Medical Research

Acupuncture and Parasympathetic Activity and Enkephalins, Longhurst

Kristen Sparrow • February 09, 2012

Readers of this blog are familiar with Dr. Longhurst. I’ve blogged about Linkhis work on acupuncture and hypertension and his recent conference here, here, and here. I also mentioned how he is convinced that electro acupuncture is necessary, indeed in this study his control is manual acupuncture. This is a study looking at electro acupuncture in cats at PC 5 and 6, showing that stimulation in the neurons of the nucleus ambiguous may be responsible for the increase in parasympathetic activity induced by acupuncture. This area of inquiry is of keen interest to me since my research concerns the autonomic nervous system and acupuncture effectiveness. More info on my practice here.

Nucleus ambiguus cholinergic neurons activated by acupuncture: Relation to enkephalin.
Brain Res. 2012 Jan 12.
Guo ZL, Li M, Longhurst JC.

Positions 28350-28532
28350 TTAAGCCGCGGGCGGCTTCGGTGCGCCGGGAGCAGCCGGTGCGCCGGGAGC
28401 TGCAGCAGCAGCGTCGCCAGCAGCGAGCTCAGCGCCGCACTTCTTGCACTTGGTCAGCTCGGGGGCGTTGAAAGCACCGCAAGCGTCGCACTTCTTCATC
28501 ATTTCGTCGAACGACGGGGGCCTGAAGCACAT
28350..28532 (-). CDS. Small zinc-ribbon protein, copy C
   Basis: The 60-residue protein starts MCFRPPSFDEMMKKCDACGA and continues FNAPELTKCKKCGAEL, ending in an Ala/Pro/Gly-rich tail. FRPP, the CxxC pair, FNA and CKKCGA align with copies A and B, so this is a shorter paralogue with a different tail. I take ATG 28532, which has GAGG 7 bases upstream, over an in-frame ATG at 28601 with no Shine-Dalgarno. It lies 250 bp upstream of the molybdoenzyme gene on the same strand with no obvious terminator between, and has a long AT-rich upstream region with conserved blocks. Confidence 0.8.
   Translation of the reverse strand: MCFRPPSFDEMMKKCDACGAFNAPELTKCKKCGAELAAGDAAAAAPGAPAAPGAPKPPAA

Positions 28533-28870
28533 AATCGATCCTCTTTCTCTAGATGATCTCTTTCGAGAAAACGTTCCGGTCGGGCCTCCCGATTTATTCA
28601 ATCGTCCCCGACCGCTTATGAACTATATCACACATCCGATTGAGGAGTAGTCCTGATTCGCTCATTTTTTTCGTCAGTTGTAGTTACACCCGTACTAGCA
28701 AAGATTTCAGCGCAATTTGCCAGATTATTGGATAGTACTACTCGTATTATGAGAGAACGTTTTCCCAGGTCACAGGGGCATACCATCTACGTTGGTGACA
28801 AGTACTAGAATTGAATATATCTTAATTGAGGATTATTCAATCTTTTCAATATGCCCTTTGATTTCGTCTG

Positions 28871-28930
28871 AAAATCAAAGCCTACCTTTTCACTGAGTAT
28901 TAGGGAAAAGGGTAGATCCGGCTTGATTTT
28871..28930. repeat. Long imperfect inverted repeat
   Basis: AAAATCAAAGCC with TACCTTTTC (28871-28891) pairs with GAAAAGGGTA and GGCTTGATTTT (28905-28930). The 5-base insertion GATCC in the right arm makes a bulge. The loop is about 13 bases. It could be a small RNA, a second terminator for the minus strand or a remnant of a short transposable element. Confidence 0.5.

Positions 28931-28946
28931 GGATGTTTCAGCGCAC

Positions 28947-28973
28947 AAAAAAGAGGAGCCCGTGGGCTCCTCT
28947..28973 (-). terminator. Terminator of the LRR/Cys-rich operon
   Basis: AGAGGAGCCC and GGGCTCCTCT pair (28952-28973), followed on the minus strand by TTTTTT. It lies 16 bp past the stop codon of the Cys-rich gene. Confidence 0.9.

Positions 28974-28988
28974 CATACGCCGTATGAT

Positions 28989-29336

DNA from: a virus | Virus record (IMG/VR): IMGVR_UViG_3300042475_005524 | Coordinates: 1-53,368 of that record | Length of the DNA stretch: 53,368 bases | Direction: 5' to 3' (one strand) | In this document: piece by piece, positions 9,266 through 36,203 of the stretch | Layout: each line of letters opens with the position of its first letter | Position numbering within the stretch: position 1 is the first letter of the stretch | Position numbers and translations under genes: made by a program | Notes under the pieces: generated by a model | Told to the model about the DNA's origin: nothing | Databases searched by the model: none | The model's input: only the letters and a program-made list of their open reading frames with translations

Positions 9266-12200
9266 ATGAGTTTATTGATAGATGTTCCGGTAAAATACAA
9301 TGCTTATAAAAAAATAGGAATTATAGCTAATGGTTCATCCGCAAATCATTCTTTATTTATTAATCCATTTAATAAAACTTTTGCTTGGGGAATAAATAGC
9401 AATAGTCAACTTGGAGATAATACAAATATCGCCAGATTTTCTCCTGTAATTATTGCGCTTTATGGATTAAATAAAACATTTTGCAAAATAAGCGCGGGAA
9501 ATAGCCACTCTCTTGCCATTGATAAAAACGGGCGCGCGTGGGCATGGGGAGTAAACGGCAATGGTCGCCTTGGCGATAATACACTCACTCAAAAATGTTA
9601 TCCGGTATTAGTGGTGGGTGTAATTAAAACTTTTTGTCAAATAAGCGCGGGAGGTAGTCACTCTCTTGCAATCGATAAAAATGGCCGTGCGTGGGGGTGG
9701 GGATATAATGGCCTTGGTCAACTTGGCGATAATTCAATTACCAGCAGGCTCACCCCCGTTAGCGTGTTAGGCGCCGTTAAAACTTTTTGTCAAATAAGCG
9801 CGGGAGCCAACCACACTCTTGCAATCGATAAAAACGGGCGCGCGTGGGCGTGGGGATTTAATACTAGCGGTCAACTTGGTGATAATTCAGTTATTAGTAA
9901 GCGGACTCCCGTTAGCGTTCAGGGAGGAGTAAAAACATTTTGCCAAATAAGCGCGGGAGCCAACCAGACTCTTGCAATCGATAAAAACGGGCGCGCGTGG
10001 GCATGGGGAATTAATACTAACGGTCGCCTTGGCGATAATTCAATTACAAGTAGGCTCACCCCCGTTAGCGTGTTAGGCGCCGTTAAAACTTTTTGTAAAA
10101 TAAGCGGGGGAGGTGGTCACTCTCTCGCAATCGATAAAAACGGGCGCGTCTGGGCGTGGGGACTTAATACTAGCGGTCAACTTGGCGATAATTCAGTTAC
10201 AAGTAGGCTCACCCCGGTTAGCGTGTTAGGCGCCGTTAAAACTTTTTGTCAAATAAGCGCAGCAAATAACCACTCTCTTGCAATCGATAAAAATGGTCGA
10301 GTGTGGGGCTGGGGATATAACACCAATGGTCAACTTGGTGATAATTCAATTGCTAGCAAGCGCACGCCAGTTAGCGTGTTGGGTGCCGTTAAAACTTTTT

Acupuncture regulates autonomic function. Our previous studies have shown that electroacupuncture (EA) at the Jianshi-Neiguan acupoints (P5-P6, underlying the median nerve) inhibits central sympathetic outflow and attenuates excitatory cardiovascular reflexes, in part, through an opioid mechanism. It is unknown if EA at these acupoints influences the parasympathetic system. Thus, using c-Fos expression, we examined activation of nucleus ambiguus (NAmb) neurons by EA, their relation to cholinergic (preganglionic parasympathetic) neurons and those containing enkephalin. To enhance detection of cell bodies containing enkephalin, colchicine (90-100μg/kg) was administered into the subarachnoid space of cats 30h prior to EA or sham-operated controls for EA. Following bilateral barodenervation and cervical vagotomy, either EA for 30min at P5-P6 acupoints or control stimulation (needle placement at P5-P6 without stimulation) was applied. While perikarya containing enkephalin were observed in some medullary nuclei (e.g., raphé), only enkephalin-containing neuronal processes were found in the NAmb. Compared to controls (n=4), more c-Fos immunoreactivity, located principally in close proximity to fibers containing enkephalin was noted in the NAmb of EA-treated cats (n=5; P<0.01). Moreover, neurons double-labeled with c-Fos and choline acetyltransferase in the NAmb were identified in EA-treated, but not control animals. These data demonstrate for the first time that EA activates preganglionic parasympathetic neurons in the NAmb. Because of their close proximity, these EA-activated neurons likely interact with nerve fibers containing enkephalin. These results suggest that EA at the P5-P6 acupoints has the potential to influence parasympathetic outflow and cardiovascular function, likely through an enkephalinergic mechanism.